Different muscles, different exercises: how Offutt’s Run Clinic is shaving off minutes


Last winter, a senior airman with the 97th Intelligence Squadron was in a panic. He had failed the run portion of the physical training test twice already, and if he failed it again he would be demoted to airman first class, losing pay he and his young family were counting on.

It wasn’t that he didn’t work out. He ran three to four miles every day. But something about the PT test itself – the anxiety, the speed necessary to pass – seemed impossible to master.

Out of desperation, the Airman joined Offutt’s Run Clinic. A month later, he ran his mock PT test, and passed. His run time dropped from a 14:02 to a 12:37 in the space of four weeks.

Airman 1st Class Crayton Noe, founder and lead instructor of the Run Clinic at Offutt Air Force Base, Nebraska, said that stories like that are the reason the Run Clinic exists.

“We guarantee 30 seconds [off running time] in three weeks,” Noe said. “We mentally prepare individuals for their PT test. Showing up, being attentive and just being there really changes the mind, and the mind and body are obviously connected, especially when it comes to performing.”

On average, Noe has seen the Run Clinic shave a minute and forty-two seconds off a mile and a half run. While many assume the Run Clinic involves running tens of miles every week – which many would consider intimidating – Noe said attendees run barely more than a mile a week in the clinic. Instead, Noe relies on a combination of strength training, cross fit and sprints in order to improve run time and technique.

“The beauty of the program is that it’s not just a monotonous routine that you can just find online or follow an app for – it’s literally different day by day,” he said. “That’s how we get individuals to improve – you don’t have to improve your mileage by 10 percent every week, or you don’t have to increase your weight training by 10 pounds every other day. When you change it up, you allow your body to experience different muscles, different exercises. You start to find out what you’re really good at – Monday you might find that you’re really good at the cardio session, but Wednesday you struggle through the stability and core session and then Friday you flew through the sprint and interval workout that day.”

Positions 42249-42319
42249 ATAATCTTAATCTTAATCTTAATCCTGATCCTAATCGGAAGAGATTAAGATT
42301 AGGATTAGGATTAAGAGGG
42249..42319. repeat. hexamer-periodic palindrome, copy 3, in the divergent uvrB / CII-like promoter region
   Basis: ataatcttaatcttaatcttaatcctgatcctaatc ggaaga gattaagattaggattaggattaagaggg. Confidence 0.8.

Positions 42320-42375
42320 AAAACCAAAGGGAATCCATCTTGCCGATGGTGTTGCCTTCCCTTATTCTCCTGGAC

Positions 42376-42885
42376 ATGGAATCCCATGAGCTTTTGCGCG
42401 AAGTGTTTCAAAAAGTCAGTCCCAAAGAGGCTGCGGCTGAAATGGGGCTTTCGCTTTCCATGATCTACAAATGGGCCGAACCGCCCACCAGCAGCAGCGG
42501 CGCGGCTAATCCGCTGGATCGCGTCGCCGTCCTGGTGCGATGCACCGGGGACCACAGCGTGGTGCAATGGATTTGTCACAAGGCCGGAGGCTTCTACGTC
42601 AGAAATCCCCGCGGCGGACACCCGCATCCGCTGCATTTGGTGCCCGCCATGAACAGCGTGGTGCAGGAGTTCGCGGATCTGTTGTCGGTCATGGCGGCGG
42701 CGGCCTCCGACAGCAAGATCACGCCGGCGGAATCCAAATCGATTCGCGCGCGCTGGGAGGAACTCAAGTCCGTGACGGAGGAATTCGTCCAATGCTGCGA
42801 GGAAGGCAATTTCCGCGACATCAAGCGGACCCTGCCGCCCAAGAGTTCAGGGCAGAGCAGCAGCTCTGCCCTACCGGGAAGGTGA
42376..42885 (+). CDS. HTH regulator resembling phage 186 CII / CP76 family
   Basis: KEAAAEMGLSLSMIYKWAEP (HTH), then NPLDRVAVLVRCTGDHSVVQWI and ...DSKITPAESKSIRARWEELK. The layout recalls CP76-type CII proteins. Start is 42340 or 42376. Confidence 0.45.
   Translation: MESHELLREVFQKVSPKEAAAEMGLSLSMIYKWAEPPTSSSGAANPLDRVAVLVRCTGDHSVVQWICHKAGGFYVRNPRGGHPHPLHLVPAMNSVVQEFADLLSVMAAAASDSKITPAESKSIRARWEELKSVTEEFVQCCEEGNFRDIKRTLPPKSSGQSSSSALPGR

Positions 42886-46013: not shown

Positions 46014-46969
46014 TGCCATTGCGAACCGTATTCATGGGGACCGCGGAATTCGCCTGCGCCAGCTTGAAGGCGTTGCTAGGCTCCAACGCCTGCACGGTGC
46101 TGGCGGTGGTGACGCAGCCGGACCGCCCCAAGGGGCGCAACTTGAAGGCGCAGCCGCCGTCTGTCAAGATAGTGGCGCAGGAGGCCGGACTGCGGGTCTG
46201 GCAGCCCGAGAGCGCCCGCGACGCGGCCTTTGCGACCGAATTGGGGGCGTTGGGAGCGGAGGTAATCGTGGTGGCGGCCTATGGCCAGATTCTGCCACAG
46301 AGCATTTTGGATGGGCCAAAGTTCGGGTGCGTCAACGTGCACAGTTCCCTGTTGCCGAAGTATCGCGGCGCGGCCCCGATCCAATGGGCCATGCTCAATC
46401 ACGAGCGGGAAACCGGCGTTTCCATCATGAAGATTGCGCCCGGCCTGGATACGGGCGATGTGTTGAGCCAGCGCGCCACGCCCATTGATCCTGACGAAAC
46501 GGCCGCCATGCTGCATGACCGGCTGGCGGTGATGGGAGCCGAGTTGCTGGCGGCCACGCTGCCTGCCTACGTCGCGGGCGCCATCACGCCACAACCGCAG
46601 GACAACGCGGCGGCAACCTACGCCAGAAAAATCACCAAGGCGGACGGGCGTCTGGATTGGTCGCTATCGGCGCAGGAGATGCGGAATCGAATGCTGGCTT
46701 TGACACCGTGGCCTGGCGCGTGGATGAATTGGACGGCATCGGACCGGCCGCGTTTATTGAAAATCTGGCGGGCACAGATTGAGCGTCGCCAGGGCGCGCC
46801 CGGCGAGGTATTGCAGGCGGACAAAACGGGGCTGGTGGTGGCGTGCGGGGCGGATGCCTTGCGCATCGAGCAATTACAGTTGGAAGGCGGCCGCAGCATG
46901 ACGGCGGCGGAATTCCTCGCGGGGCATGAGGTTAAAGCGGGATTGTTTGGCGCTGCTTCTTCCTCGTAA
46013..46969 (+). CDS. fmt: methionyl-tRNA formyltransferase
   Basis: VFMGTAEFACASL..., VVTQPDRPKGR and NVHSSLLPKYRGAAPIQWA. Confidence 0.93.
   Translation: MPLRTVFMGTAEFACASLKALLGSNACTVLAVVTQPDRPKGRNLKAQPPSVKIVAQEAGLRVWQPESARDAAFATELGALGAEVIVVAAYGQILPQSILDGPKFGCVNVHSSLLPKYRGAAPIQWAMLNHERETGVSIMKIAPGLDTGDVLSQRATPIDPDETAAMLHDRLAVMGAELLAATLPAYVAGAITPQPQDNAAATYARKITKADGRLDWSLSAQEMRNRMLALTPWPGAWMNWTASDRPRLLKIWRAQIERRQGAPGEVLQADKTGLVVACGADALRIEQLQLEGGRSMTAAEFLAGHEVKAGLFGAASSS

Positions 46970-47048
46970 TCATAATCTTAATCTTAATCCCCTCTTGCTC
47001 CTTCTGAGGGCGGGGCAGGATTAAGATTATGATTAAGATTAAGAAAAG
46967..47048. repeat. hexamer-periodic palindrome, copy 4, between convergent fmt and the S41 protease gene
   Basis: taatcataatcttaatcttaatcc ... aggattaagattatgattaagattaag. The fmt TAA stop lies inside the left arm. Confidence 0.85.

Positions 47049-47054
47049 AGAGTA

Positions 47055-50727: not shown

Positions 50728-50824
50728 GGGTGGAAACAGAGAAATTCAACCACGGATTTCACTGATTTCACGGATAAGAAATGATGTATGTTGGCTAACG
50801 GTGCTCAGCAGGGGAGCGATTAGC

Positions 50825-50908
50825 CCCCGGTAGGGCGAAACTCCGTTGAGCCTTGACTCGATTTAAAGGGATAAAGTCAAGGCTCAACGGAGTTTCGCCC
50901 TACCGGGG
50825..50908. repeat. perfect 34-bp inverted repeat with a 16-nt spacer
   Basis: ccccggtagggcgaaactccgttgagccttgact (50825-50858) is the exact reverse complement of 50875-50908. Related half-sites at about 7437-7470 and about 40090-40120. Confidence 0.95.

Noe created the Run Clinic in November 2016, after working as a physical training leader in the Offutt Fitness Assessment Cell for three months after arriving at Offutt.

“When I was in the FAC, it was literally every single day, we had two to three individuals failing the run,” Noe said. “People aren’t failing their push-ups, people aren’t failing their sit-ups, people aren’t failing their abdominal circumference – they’re failing the run.”

Noe decided to create the Run Clinic in order to help members of Team Offutt who needed an extra push to pass the running portion of the PT test, and for members who want to become better runners.

Senior Airman Hunter, a linguist with the 97th Intelligence Squadron, attended the Run Clinic for about a month before taking a mock PT test with his squadron.

“I shaved off a minute and 42 seconds,” he said. “I’m pretty proud of it – it was absolutely because of the run clinic.”

Airman 1st Class McKenzie, also a linguist with the 97th Intelligence Squadron, started attending the Run Clinic in June 2017.

 “I feel a lot more confident when I’m out running,” she said. “We’re learning new techniques and forms, so I have to go back and re-train myself how to run. A lot of the time concrete can be really harsh on your joints, but I haven’t felt pain after running around my neighborhood.”

The Run Clinic is open to anyone with base access, and is held every Monday, Wednesday and Friday from 5 -6 p.m. There is a two-hour session every Sunday starting at 6 p.m. The Run Clinic instructors also provide pacing for the running portion of the PT test for Run Clinic attendees.